BACKGROUND: Patients with terminal conditions are often admitted to the emergency department (ED) for acute medical services, but studies have suggested that multiple ED admissions may negatively impact end-of-life (EOL) care. Research have shown that incorporating palliative care (PC) is integral to optimal EOL care, but it is an aspect of medical practice that is often neglected. The current study sought to provide an overview of health outcomes and hospital costs of patients with cancer admitted to The Ottawa Hospital and/or received acute medical services during their final 2 weeks of life. Cost comparisons and estimates were made between hospital and hospice expenditures.
METHODS: We conducted a retrospective chart review of palliative patients who died at The Ottawa Hospital in 2012. A total of 130 patients who visited the ED within 2 weeks of death were included in the analyses.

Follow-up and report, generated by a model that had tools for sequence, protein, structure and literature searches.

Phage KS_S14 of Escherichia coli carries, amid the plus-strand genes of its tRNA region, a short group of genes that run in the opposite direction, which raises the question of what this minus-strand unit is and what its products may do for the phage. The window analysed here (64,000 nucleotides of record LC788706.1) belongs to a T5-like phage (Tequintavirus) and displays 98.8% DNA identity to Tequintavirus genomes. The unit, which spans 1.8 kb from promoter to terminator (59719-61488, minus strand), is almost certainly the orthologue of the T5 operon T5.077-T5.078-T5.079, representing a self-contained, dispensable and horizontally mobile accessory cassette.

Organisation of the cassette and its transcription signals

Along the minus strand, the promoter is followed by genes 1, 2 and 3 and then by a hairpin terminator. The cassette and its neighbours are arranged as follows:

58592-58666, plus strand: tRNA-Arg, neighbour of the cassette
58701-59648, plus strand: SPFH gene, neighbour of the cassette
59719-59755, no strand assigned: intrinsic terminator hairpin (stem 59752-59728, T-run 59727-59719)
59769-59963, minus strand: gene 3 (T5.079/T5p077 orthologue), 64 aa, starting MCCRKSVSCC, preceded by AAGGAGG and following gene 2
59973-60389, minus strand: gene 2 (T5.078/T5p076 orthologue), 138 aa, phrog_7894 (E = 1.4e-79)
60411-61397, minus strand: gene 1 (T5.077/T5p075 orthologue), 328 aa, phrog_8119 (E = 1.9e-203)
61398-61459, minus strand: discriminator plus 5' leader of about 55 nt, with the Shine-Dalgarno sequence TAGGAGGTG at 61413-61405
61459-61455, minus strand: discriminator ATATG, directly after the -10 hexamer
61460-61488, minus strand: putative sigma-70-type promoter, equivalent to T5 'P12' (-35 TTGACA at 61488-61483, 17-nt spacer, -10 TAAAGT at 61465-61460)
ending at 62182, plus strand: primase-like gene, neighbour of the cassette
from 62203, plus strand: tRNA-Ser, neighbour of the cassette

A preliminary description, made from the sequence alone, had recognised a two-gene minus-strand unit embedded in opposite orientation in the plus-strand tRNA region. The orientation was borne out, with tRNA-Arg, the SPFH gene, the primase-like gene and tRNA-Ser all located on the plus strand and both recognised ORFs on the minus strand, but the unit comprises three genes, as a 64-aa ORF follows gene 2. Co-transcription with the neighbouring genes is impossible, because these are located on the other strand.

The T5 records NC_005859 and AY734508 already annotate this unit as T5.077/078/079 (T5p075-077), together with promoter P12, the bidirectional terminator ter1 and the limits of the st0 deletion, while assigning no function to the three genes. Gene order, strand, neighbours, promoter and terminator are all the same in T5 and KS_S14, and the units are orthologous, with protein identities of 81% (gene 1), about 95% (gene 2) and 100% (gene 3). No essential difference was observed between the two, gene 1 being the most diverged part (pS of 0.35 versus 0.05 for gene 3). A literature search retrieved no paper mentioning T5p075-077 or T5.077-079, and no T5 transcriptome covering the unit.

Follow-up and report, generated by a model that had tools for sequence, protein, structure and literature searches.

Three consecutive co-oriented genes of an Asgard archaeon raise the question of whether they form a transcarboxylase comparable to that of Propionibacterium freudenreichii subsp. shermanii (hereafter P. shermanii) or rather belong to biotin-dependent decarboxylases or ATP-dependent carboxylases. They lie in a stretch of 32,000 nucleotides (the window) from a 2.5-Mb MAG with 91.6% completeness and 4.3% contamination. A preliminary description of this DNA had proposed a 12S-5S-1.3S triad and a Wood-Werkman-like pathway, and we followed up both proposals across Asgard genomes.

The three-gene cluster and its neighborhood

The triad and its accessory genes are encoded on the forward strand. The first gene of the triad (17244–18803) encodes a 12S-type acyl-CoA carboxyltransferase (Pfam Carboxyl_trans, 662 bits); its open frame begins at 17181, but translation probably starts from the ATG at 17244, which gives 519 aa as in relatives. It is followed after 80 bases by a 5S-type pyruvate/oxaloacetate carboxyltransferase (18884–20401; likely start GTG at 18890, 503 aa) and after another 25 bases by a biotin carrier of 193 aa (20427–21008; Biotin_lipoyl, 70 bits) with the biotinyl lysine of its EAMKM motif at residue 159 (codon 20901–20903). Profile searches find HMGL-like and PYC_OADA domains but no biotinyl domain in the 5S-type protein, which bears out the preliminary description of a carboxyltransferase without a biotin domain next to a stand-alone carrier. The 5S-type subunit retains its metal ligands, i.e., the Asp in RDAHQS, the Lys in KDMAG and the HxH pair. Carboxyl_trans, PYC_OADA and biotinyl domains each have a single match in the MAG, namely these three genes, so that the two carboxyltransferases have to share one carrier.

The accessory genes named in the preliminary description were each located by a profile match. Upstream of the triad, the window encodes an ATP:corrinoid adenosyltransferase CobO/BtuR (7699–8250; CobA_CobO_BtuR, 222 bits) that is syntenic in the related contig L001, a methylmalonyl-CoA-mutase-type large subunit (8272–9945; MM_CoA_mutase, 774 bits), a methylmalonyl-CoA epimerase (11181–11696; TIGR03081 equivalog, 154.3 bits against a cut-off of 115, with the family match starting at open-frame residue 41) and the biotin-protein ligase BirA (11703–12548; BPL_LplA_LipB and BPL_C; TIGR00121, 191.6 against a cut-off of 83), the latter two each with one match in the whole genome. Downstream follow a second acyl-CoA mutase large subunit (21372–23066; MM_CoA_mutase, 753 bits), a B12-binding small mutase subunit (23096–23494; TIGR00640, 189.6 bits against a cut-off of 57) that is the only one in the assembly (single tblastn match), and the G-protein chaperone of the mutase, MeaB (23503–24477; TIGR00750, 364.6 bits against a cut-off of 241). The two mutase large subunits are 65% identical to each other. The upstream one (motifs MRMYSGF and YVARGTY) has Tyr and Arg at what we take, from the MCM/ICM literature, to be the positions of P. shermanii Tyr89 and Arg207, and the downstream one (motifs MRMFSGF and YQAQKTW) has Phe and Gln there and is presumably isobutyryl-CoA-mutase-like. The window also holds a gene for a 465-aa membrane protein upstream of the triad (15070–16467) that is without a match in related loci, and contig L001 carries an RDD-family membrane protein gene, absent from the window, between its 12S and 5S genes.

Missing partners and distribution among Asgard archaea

RESULTS: In this cohort of patients, 71% of admitted patients did not have advanced care directives and 85% experienced a metastasis, but only 18% had a PC medical doctor. Patients were hospitalized, on average, for 7 days and hospitalization costs exceeded the estimated hospice cost by approximately 2.5 times (Can$1 041 170.00 at Can$8009.00/patient vs Can$401 570.00 at Can$3089.00/patient, respectively).
CONCLUSION: Our study highlighted the importance of PC integration in high-risk patients, such as those in oncology. Patients in our sample had minimal PC involvement, low advanced care directives, and accrued high costs. Based on our analyses, we concluded that these patients would have likely benefited more from hospice care rather than hospitalization.